The clue to Anne Walsh's approach to life could well reside in her chosen sport.
Endurance and punching through tough patches are hallmarks of middle distance running. Just as on the track, former Paralympian Ms Walsh has taken on life's challenges and been rewarded for her effort.
The 56-year-old former Goulburn woman was earlier this month awarded in the Queens' Birthday Honours List with an Order of Australia for service to people with an intellectual disabilty.
"I'm pretty proud of myself," Ms Walsh told The Post.
"When I found out (in April) I just thought 'wow,' but I had to keep it quiet until the Queen's Birthday announcement."
The now Chifley resident has Tuberous Sclerosis, a genetic condition that can affect the kidneys, lungs and eyesight, and cause epilepsy.
But she hasn't let it get in her way, despite periods of hospitalisation.
Born to Mary and Barry Walsh of Gurrundah, near Goulburn, Anne attended The Crescent School, Goulburn Public School and the local High School's special education classes.
At age 18 she left the family property to live at L'Arche Genesaret in Chifley, an intentional, residential community of people with and without an intellectual disability.
Canberra L'Arche leader Brendan Price said Ms Walsh was an outstanding ambassador who exemplified the L'Arche mission in "making known the gifts of people with an intellectual disability."
"Anne is recognised within L'Arche, here in Canberra and around Australia, as one of our founding leaders and has been a quiet but confident advocate for others living with the experience of intellectual disability," he said.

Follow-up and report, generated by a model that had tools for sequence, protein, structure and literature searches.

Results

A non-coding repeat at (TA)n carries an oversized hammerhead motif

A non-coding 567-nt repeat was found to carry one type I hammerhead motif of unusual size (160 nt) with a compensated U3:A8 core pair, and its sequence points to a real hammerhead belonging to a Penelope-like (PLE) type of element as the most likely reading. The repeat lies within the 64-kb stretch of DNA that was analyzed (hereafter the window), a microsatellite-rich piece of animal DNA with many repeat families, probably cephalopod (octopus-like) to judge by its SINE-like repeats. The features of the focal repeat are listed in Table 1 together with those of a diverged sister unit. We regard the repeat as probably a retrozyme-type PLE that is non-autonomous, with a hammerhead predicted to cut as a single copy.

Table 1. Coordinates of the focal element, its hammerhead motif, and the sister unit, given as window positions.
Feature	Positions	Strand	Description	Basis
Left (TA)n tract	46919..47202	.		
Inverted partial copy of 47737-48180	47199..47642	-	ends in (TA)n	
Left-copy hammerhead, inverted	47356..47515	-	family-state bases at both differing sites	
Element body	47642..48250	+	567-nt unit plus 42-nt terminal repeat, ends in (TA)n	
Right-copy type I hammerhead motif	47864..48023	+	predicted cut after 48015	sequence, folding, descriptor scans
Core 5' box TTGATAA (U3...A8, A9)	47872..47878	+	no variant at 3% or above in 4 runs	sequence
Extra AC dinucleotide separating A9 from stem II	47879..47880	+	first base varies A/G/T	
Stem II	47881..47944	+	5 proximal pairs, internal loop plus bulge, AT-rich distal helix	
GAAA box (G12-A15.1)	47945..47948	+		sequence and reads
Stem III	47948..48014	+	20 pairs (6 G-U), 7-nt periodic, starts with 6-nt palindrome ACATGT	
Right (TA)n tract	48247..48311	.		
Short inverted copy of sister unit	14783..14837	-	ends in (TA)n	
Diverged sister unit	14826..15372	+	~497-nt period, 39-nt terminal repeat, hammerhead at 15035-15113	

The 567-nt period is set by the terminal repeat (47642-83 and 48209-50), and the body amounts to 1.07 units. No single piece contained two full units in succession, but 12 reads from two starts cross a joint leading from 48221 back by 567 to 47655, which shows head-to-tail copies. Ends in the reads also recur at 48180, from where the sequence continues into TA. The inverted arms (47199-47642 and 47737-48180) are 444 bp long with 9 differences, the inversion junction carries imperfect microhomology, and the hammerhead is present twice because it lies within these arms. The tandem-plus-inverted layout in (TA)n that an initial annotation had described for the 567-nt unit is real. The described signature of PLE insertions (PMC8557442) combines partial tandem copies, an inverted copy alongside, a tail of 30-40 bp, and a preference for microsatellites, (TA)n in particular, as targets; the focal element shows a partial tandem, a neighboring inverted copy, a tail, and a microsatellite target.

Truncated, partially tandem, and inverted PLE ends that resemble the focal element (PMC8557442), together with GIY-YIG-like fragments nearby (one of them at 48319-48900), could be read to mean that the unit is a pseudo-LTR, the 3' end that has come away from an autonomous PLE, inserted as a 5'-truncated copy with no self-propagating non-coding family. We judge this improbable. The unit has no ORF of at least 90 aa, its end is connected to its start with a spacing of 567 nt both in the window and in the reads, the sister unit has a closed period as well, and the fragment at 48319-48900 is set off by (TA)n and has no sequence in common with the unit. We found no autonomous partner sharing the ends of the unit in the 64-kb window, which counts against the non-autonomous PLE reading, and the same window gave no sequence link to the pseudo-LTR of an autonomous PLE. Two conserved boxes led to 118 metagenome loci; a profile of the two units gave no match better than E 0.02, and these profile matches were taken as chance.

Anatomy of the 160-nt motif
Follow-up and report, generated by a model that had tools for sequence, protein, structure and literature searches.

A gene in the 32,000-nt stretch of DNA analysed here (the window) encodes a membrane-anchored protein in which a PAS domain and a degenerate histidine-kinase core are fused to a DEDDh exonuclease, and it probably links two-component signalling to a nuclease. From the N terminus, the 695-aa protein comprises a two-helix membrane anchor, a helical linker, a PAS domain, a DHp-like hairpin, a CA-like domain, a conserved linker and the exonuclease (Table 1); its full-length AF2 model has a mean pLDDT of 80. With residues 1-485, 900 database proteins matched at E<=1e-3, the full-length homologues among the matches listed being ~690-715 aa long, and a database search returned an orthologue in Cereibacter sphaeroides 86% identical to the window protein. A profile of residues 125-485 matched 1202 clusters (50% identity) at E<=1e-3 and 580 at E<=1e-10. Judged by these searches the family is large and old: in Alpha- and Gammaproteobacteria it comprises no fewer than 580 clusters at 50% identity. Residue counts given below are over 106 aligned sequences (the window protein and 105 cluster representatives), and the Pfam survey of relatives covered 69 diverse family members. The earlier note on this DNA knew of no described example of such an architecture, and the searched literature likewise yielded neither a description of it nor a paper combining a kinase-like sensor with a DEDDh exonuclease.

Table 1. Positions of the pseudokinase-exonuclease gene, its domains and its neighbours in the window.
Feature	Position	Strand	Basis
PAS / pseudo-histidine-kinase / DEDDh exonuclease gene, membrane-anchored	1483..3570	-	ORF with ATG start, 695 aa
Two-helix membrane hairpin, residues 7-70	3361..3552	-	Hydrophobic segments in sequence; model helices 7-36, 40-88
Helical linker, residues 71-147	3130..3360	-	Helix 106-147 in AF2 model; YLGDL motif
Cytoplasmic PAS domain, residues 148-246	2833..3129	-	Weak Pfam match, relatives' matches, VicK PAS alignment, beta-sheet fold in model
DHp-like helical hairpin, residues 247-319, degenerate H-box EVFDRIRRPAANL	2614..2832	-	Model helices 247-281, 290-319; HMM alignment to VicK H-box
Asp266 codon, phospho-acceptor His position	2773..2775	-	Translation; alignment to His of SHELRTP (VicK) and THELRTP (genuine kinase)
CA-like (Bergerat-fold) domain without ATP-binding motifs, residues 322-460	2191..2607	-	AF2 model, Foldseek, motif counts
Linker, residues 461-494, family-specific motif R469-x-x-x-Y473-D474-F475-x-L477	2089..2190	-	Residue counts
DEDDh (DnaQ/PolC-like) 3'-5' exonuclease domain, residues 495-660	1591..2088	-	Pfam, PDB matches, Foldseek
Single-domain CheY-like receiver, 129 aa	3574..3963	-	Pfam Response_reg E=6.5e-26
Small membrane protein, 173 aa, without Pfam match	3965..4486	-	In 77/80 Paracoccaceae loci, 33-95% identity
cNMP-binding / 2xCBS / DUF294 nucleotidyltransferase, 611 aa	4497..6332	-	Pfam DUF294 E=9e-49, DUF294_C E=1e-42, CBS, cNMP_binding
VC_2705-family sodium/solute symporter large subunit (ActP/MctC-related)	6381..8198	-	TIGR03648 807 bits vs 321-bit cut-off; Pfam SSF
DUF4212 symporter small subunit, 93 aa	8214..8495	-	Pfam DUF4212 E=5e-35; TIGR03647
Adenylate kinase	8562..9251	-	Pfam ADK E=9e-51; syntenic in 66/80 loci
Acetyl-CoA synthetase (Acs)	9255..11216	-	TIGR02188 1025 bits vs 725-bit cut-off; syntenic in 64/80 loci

"Anne has helped educate countless assistants who have worked with L'Arche over the years and has mentored younger residents with a disability.
"She is very open and courageous about her own disability and how she has continually overcome anxiety throughout her life, and encourages others to do the same."
Ms Walsh said mentorship was very important to her and she regularly gave talks to schools about L'Arche and its role in growing people.
The organisation supports 23 residents in seven homes across the ACT.
Anne has been a quiet but confident advocate for others living with the experience of intellectual disability.Brendan Price, L'Arche
In 2011, Ms Walsh represented Canberra on the National Listening and Speaking Group, a sub-committee of the National Board of L'Arche, to advocate for members with an intellectual disability. Mr Price said she flowered in this leadership role and served as a founding member until 2017 when her term was fulfilled. She continues to mentor the current Group representatives, providing encouragement and moral support.
Athletics, which runs through the Walsh family, has always been a part of her life. Ms Walsh fondly recalled Goulburn's Lilac City Festival fun run at which she was the first female home in 1989.
In the same year, as part of the Australian team for the first World Championships for the Intellectually Disabled in Sweden, she won a silver medal for the 1500 metres event. More success followed with a fourth place in the 1992 Madrid Paralympics, also in the 1500m.
These days she's not competing quite as hard but still loves to keep fit.
Up until last year she worked as a dietary maid at Calvary John James Private Hospital. Mr Price said her "gentle and caring qualities, along with her conscientious work ethic," were recognised with several staff awards over more than 20 years of "dedicated service."
Soon she'll be turning her hand to tending the rose gardens at Old Parliament House.
Ms Walsh thanked her family and L'Arche for their encouragement and support.
Her sister, Jean-Maree said Anne was the eldest of seven children and an inspiration to the family.
"Mum and Dad's attitude helped in that she was not treated in a special way. She was responsible for her own behaviour and she's adopted that inclusive attitude that has got her to where she is today," she said.
Her family will be front and centre when Anne receives her OAM at Government House in September.
As for her advice to others living with a disabililty:
"I encourage people to enjoy life, spend time with each other and encourage one another," Ms Walsh said.
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